Model's Lawsuit Against Google Prompts Malware Bloom
The Liskula Cohen defamation case has translated into a marketing opportunity that is now preying on social networking manipulation.
On the Internet, no salacious news goes unexploited.
On Tuesday, the New York Daily Newsreported that model Liskula Cohen is suing Google to force the company to reveal those responsible for an allegedly defamatory blog called Skanks In NYC that the company's Blogger service hosts.
"We think we have a case," Steven Wagner, Cohen's lawyer, told the Daily News. "This is libelous, it's defamatory, and you shouldn't just get away with this."
In the language of scammers, however, scandal means marketing opportunity.
Recognizing that the story includes some of the elements that make for an effective social networking scam -- sex and a famous person -- scammers have manipulated Google's search system to feature their malware sites near the top of search results lists when people search for the keywords "skanks in nyc."
"Unfortunately, the bad guys have poisoned Google with the term 'skanks in nyc,' with links that push Antivirus 2009," warned Alex Eckelberry, CEO of Sunbelt Software, in a blog post on Tuesday.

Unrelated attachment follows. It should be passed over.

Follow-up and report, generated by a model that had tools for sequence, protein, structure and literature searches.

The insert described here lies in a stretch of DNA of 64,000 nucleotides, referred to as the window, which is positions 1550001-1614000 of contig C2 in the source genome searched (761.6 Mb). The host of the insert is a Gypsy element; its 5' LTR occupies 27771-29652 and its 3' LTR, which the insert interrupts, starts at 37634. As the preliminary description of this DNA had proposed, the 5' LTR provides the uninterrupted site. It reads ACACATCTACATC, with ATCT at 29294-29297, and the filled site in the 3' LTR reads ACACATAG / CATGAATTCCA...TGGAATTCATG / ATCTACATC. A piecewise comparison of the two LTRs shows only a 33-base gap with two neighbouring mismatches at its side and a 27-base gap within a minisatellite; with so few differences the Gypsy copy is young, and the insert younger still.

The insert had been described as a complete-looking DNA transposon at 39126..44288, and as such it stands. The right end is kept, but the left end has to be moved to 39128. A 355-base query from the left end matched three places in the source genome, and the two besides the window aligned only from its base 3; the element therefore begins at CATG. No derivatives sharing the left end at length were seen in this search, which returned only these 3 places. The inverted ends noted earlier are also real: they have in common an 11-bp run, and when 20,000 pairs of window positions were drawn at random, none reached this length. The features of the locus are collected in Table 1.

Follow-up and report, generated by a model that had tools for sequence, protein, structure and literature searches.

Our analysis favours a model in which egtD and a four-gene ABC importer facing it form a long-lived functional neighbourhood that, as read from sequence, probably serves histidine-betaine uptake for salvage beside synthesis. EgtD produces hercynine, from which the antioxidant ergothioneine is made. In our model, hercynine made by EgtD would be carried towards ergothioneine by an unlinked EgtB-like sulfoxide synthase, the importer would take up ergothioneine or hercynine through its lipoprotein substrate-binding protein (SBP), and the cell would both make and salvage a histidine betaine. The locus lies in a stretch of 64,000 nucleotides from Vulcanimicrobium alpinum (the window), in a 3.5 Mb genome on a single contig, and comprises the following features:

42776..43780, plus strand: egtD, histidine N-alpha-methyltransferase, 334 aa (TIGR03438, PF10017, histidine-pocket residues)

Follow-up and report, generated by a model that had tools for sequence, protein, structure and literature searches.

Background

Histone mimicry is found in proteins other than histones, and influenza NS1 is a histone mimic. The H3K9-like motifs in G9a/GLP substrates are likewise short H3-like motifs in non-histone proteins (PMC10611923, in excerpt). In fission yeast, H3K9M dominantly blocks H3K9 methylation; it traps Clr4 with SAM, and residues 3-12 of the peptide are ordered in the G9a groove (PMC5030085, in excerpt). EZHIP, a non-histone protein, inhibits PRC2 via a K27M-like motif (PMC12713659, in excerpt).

Antivirus 2009, Sunbelt explains on its site, is a rogue security program that purports to scan and detect malware on one's computer and then attempts to dupe or badger the computer's user into purchasing the software.
Google has struggled to keep up with efforts to poison its search results. In November 2007, the company removed tens of thousands of Web pages from its index that attempted to game Google's algorithm for prominent placement following searches with specific keywords. But scammers quickly poisoned more search terms after the purge.
Attempts to capitalize on the Cohen story recall a similar campaign to exploit the death of actor Heath Ledger in January 2008. Last year, only hours after Ledger's death was reported, malicious URLs began showing up in Google searches for the actor's name.
InformationWeek Tech Digest, Nov. 10, 2014Just 30% of respondents to our new survey say their companies are very or extremely effective at identifying critical data and analyzing it to make decisions, down from 42% in 2013. What gives?